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Tanya for Wednesday, 10 Iyyar, 5779 - May 15, 2019

Tanya
As Divided for a Leap Year

Tanya for 10 Iyar

9 Iyyar, 5779 - May 14, 201911 Iyyar, 5779 - May 16, 2019


Chapter Forty-Seven

[Chapter 46 began with the Alter Rebbe explaining yet another simple and straightforward means by which every Jew can arrive at a great love of G-d, thereby enhancing his performance of Torah and mitzvot.

This is done by utilizing the love which comes into being "as water mirrors the face to the face."

For just as water reflects the image of a face peering into it, so too, is there reflected the "heart of man to man."

The Alter Rebbe went on to explain that all the particulars mentioned in the parable of the mighty king and the wretched commoner, as enumerated there, are infinitely more applicable with regard to the love showered by G-d upon each and every Jew.

He showed us His great love when He Himself descended to take us out of our nethermost level, in Egypt, and led us into His innermost chambers by giving us the Torah and mitzvot, whereby we are able to attach ourselves to Him with the ultimate level of unity.

Accordingly, the Alter Rebbe then expounded the word kidshanu in the text of the benedictions as implying betrothal, the perfect union of man and wife.

Kidshanu also implies Supernal Holiness, which alludes to the supreme state of exalted separation which Jews attain through the performance of mitzvot, recalling G-d's holiness - His total exalted separation from all worlds.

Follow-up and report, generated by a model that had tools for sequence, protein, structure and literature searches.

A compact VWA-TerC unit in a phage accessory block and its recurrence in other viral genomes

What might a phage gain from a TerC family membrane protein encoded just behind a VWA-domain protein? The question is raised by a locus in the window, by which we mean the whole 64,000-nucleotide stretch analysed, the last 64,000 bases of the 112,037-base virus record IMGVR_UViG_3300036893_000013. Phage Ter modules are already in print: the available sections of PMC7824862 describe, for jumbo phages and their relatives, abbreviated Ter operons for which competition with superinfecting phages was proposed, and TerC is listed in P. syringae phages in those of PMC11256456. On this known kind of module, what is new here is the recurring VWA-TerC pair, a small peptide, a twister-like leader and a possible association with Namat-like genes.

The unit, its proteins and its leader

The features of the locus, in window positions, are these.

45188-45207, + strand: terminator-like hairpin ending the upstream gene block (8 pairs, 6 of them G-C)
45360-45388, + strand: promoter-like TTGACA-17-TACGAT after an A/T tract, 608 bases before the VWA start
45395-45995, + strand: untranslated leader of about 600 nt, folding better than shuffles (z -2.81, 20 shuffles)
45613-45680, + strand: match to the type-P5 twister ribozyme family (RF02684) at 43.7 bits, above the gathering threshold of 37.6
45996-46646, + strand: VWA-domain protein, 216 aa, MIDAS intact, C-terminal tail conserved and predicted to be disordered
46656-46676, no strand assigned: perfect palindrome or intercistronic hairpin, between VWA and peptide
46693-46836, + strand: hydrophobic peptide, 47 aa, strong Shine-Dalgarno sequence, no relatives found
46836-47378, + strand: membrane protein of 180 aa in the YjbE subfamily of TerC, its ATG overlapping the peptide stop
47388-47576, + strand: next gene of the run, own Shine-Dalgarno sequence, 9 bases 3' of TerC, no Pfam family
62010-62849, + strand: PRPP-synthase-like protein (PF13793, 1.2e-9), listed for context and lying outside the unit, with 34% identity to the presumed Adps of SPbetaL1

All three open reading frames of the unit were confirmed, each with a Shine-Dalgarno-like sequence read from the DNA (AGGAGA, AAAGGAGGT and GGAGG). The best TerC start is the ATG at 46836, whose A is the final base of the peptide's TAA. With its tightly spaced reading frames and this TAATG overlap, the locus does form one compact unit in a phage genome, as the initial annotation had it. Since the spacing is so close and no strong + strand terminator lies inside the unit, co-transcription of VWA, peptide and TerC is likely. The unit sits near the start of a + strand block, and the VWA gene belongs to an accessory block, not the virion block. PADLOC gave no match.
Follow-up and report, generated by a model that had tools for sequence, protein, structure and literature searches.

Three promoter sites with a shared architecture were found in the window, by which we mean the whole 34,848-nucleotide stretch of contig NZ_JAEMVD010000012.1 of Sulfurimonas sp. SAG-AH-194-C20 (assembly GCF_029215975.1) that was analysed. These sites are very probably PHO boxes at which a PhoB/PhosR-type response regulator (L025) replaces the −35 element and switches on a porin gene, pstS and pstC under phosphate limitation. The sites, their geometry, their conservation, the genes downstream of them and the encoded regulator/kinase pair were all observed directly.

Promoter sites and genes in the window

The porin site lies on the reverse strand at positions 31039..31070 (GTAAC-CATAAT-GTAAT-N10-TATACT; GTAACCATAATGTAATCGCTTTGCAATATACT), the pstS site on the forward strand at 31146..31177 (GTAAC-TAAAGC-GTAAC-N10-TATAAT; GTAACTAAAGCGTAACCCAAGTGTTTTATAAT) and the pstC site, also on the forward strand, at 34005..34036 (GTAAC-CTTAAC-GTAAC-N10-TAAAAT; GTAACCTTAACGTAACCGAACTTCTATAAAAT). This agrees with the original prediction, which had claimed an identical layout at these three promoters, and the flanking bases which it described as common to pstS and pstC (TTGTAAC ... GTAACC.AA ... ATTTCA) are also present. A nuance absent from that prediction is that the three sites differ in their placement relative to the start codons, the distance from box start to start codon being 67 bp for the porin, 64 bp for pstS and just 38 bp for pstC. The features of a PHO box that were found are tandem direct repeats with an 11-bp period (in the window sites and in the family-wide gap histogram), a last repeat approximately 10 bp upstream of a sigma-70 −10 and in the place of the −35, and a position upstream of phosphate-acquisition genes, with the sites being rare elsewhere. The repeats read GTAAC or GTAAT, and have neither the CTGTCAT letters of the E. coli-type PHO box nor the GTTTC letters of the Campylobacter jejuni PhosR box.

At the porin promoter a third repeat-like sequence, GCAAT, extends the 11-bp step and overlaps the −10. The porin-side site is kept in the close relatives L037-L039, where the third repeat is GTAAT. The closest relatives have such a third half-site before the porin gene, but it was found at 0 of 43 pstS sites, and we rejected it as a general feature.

Chapter 47 will continue this theme, and answer the following question (as the Rebbe Shlita notes):

How can the love reflected "as water mirrors the face to the face" be expected of us nowadays, when G-d's love was shown to us thousands of years ago, at the time of the Exodus?

The answer given by the Alter Rebbe is: Not only is it reasonable to expect this love of a Jew when he recalls the initial Exodus (and the giving of the Torah) when G-d himself descended (thus showing His great love for us), but also, in truth this is a present-day event as well - for the Exodus is a daily occurrence].

"In every generation and every day a person is obliged to regard himself as if he had that day come out of Egypt."

[This text is cited from the Mishnah (Pesachim 10:5), except that the Alter Rebbe inserts the words, "and every day." For the Exodus is not only an event which takes place in every generation: it is also a daily event in the spiritual life of the Jew].